The upstream oil and gas sector lags behind most other industries when it comes to digitising operations. This is largely attributable to a deeply ingrained aversion to risk.
Given the sensitive nature of offshore operations in terms of health, safety, and the environment, operators have been reluctant to deploy relatively untested digital technologies.
However, the industry has lately become more receptive to digital as traditional operators grow concerned by the emergence of unconventional players with differentiated, market-leading digital capabilities. They have also become more focused on the significant cost and operational efficiencies that digital makes possible in an era of relatively low oil prices.
In its 2017 report on digitisation and energy, the International Energy Agency estimated that digital technologies could cut production costs by as much as 20 per cent. Strategy& conservatively estimates that digital technologies in upstream activities could result in cumulative capital and operating savings of $100 billion by 2025.
Already, many upstream companies have been using elements of digitisation for some time, which we define as the strategic business value of data-based technology that includes the internet of Things (the network of connected devices), cloud computing and artificial intelligence.
Examples of these elements are 3D seismic technology, unmanned oil and gas installations, and advanced reservoir modelling.
However, the industry is just scratching the surface of what is possible with digital. In the near future, the image of oil workers grappling with drill pipes on platforms could be replaced by something dramatically different. Drilling, performance monitoring, and production optimisation could become highly automated.
For example, the application of “digital twin” technology opens up the possibility of replicating physical assets from fields to equipment in digital form. The technology allows companies to model scenarios to optimise everything from production to maintenance.
Decision making could be transformed, with digital twins simulating “first oil” — the initial amount that emerges when commercial drilling begins at a field — before final investment decisions are made.
Companies will also need to plan for certain risks associated with this switch to digital. One will be cybersecurity. As assets become increasingly connected to the network, companies will need to protect critical digital infrastructure against cyber-attacks — by monitoring threats, identifying vulnerabilities, building robust controls, and promoting a culture of security awareness.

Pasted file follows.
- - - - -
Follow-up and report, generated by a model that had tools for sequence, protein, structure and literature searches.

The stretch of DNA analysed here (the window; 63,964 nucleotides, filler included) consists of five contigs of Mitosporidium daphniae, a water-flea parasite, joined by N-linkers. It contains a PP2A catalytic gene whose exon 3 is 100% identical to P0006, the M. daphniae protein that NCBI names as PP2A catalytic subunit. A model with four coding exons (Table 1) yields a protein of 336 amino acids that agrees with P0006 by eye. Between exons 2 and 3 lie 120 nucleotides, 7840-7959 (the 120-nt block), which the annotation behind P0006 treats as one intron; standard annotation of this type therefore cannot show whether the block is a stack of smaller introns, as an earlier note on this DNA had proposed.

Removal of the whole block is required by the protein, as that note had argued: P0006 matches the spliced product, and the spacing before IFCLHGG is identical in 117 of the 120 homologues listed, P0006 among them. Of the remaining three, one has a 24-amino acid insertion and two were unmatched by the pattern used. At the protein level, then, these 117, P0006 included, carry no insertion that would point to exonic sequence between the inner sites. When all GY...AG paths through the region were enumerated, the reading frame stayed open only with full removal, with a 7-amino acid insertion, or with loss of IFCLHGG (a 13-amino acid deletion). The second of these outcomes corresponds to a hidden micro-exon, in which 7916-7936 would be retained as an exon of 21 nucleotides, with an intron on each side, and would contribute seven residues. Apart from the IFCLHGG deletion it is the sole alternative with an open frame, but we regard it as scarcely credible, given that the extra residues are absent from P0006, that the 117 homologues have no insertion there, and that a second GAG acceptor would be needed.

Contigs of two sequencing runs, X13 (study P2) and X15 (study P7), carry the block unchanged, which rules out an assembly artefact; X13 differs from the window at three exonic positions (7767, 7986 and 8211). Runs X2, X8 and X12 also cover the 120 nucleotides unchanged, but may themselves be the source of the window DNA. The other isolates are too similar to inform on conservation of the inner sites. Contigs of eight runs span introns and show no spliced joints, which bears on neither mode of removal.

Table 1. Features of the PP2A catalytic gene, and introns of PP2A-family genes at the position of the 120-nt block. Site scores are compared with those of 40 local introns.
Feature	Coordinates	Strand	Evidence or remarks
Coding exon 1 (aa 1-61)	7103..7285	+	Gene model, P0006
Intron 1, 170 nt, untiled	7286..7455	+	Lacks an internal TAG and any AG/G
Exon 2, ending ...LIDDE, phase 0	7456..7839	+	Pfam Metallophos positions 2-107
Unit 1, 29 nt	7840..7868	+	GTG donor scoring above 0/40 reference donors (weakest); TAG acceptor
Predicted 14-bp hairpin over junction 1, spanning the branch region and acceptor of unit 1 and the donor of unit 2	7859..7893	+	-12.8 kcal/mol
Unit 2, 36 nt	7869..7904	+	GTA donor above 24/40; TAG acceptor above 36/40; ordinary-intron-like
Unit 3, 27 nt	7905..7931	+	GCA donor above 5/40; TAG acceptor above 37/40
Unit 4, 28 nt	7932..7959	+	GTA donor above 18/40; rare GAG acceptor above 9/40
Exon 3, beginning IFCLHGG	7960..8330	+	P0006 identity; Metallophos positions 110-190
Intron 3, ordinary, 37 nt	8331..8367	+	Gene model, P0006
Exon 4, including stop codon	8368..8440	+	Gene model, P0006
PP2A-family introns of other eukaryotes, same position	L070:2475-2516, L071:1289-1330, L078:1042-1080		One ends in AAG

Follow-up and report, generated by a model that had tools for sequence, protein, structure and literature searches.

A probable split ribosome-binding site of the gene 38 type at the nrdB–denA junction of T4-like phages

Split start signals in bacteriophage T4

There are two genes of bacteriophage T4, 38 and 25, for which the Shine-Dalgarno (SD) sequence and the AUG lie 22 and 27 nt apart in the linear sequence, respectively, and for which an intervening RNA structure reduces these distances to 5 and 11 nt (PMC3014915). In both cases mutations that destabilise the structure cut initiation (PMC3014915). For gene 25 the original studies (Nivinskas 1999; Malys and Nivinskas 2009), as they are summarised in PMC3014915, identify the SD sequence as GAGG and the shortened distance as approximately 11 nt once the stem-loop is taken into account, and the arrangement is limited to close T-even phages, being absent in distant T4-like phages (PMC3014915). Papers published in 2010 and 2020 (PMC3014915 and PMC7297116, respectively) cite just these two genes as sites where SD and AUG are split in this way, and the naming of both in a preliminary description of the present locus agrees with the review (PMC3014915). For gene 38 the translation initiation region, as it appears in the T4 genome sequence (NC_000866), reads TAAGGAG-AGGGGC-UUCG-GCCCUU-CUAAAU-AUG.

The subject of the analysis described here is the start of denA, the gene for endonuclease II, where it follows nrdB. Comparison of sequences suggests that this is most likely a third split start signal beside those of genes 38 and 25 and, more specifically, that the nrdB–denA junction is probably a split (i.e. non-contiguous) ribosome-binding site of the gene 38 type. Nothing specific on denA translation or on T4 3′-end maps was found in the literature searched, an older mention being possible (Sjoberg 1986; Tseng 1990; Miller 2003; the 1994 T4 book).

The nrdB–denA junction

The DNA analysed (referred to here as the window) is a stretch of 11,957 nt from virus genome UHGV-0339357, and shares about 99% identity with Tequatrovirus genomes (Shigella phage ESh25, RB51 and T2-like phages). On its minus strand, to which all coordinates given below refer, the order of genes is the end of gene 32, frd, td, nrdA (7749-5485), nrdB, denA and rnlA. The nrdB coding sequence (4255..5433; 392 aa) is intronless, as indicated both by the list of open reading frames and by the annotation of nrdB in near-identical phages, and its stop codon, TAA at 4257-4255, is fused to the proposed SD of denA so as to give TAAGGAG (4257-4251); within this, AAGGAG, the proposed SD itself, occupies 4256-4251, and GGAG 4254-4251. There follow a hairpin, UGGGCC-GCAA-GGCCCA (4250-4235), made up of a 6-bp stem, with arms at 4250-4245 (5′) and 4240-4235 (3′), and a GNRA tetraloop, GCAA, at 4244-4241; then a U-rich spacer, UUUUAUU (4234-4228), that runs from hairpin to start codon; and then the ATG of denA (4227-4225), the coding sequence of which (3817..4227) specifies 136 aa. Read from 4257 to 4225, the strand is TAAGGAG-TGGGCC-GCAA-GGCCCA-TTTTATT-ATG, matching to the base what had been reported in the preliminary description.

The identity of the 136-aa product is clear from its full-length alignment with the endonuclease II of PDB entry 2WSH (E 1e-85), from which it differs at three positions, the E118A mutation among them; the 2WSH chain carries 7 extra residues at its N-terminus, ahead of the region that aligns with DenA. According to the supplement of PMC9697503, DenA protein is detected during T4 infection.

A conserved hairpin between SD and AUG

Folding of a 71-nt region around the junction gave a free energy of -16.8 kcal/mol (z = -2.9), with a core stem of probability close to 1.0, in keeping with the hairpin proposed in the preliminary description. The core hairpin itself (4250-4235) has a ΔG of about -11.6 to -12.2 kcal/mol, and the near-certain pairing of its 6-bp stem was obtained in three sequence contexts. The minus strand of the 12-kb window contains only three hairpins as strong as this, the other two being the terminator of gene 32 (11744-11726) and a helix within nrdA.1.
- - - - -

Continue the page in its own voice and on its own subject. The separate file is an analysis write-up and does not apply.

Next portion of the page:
With these benefits and risks in mind, there are five guiding principles for companies when designing a digital business model.
The first is that digital technology is the handmaiden of business transformation, a means to solving a company’s largest business problems. Companies should always view this exercise as business-led — as opposed to technology-focused. They should identify the greatest business challenges and assess how digital technology can help.
The second is that digitisation should be transformative and affect all parts of the operating model, including corporate vision, strategy, processes, culture, and employee behaviour. Some oil and gas companies view digital technology as peripheral to the core business. The result of such an approach is “siloed” digitisation that does not provide the cross-functional insights necessary to drive efficiency and value at the enterprise level. Companies need to build new digital capabilities and leverage technology across all key elements of the value chain.
The third is that digital technology should go beyond corporate boundaries to include the entire ecosystem, such as suppliers and external partners. For example, all stakeholders around a new field development — including the host government and the oil service providers and contractors — should be digitally enabled.
The fourth is that each company needs to create its own digital transformation model. There is no single, model digital template to follow. Although they can emulate best-practice examples from leading companies, they should tailor digital solutions to meet their particular business needs and challenges.
The fifth is that companies need the right capabilities mix among engineers and data scientists. In the past, capabilities focused on technical expertise to deliver engineering excellence. Now, with a growing focus on data analytics, companies will need engineers who are more digitally savvy. Finding this balance between technical and technology capabilities may prove one of the trickiest challenges for chief strategy officers and chief information officers.
Those companies that simply view digitisation as a technology play and fail to transform are likely to become digital dinosaurs. However, others will be pioneers in digital solutions, and others will be fast followers. Either is a legitimate approach. What is important is to design and embrace a digital strategy that works for the company and positions it to succeed in a new digital era of oil and gas.
The writer is the Director of Research at Strategy&, part of the PwC Network.